Small investment, large exposure

Warrants are a way for an investor to lock in the price of an asset now to purchase at some time in the future. They can also be used to put a deposit on a parcel of shares and pay them off over time.

There are many different types of warrants available to investors. Here we look at three common types of warrants: ordinary warrants, instalment warrants and MINIs; and explain the risks involved in investing in warrants.

Ordinary warrants

A warrant is a type of  financial product  issued by a bank or financial institution that is traded on the Australian Securities Exchange (ASX). An ordinary warrant is similar to an option. It gives you the right to buy an asset (such as a share), at a set price (called the strike price), on or before a date in the future (the expiry date). Options are usually short term (weeks or months) while warrants can be valid for a long time (years).

Warrants can either be exercised at any time before the expiry date (these are called 'American exercise') or only on the expiry date (these are called 'European exercise').

Warrants can be issued for shares, currencies,  indexes (domestic and international), exchange traded funds  and commodities. The strike price is usually higher than the current market price of the asset when it is first traded but is usually valid for an extended period of time; and some warrants such as MINIs or perpetual warrants have no expiry dates.

If the price of the asset rises above the strike price, you can make a profit by exercising (buying the asset) at the lower warrant price and then selling the asset at the higher market price. If you do not exercise the warrant it will simply expire, unused. So with ordinary warrants you can walk away and you will just lose the initial purchase price.

Call or put warrants

A call warrant gives you the right to buy the underlying asset so you benefit from an increase in the asset price. A put warrant gives you the right to sell the underlying asset so you benefit from falling prices.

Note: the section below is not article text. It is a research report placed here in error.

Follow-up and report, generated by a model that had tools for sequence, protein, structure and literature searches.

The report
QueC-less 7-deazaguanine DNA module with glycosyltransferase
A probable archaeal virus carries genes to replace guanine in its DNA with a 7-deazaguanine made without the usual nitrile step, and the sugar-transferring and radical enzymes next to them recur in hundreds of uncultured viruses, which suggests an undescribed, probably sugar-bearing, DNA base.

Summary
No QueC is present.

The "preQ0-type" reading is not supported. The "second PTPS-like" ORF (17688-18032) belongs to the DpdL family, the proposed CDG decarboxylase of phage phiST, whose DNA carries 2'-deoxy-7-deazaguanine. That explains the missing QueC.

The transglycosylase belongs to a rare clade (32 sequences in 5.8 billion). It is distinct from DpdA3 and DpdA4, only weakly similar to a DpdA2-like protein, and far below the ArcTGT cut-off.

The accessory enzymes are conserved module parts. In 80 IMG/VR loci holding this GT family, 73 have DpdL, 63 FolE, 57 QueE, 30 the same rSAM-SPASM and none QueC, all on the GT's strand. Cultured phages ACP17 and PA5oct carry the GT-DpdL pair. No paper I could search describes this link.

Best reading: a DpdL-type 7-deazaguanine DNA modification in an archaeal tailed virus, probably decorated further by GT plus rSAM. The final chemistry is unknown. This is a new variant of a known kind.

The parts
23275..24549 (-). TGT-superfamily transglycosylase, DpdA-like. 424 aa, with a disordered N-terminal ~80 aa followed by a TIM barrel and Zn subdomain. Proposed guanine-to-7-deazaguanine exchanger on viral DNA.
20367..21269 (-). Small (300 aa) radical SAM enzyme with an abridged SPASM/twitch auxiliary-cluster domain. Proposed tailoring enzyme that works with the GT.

Ordinary warrants are mainly used for speculative trading and are a high risk investment. Seek professional financial advice before you invest, to decide if they are a suitable investment product for you.

Instalment warrants

Instalment warrants let you buy an investment product such as shares over a period of time. You make a part payment on the shares and pay the remaining balance in one or more payments over time. It's a bit like a lay-by, except you get all the benefits of owning the shares from day one, such as receiving dividends and franking credits.

An instalment warrant is mainly used for investing. They are a form of gearing or leverage as you can get significant exposure for less money than buying the underlying asset outright. Generally warrants will only be suitable if you are very confident of the long-term value of the underlying asset.

Money owing on a warrant is treated as a loan and has an interest component and a borrowing fee. Interest can be prepaid for the life of the warrant so there may be tax benefits for some investors.

Case study: André's mining shares

""André wanted to invest in ABC Mining, a large blue chip resources company. The share price had fallen steadily over the previous few years but he thought it was only a matter of time until the price recovered, potentially giving him a healthy profit.

André decided to increase his exposure by buying instalment warrants. At the time the share price was $28. The first instalment was $15 (including funding costs) with a final instalment of $14 due 12 months later.

When the second instalment was due, the shares had dropped to $19. André had bought 1,000 shares, so with the drop in value he had lost a total of $10,000 on his original investment.

Self-funding instalments

Self-funding instalment (SFI) warrants are a special type of instalment warrant. Like standard instalment warrants, you make a partial upfront payment and the issuer lends you the remaining amount. Once you have made the initial payment, there are usually no additional repayments to be made until expiry.

Holders of self-funding instalment warrants receive dividends and franking credits from the underlying shares. The cash dividends are used to reduce the loan balance instead of being paid to you. SFIs have interest and borrowing fees that are added to the loan balance.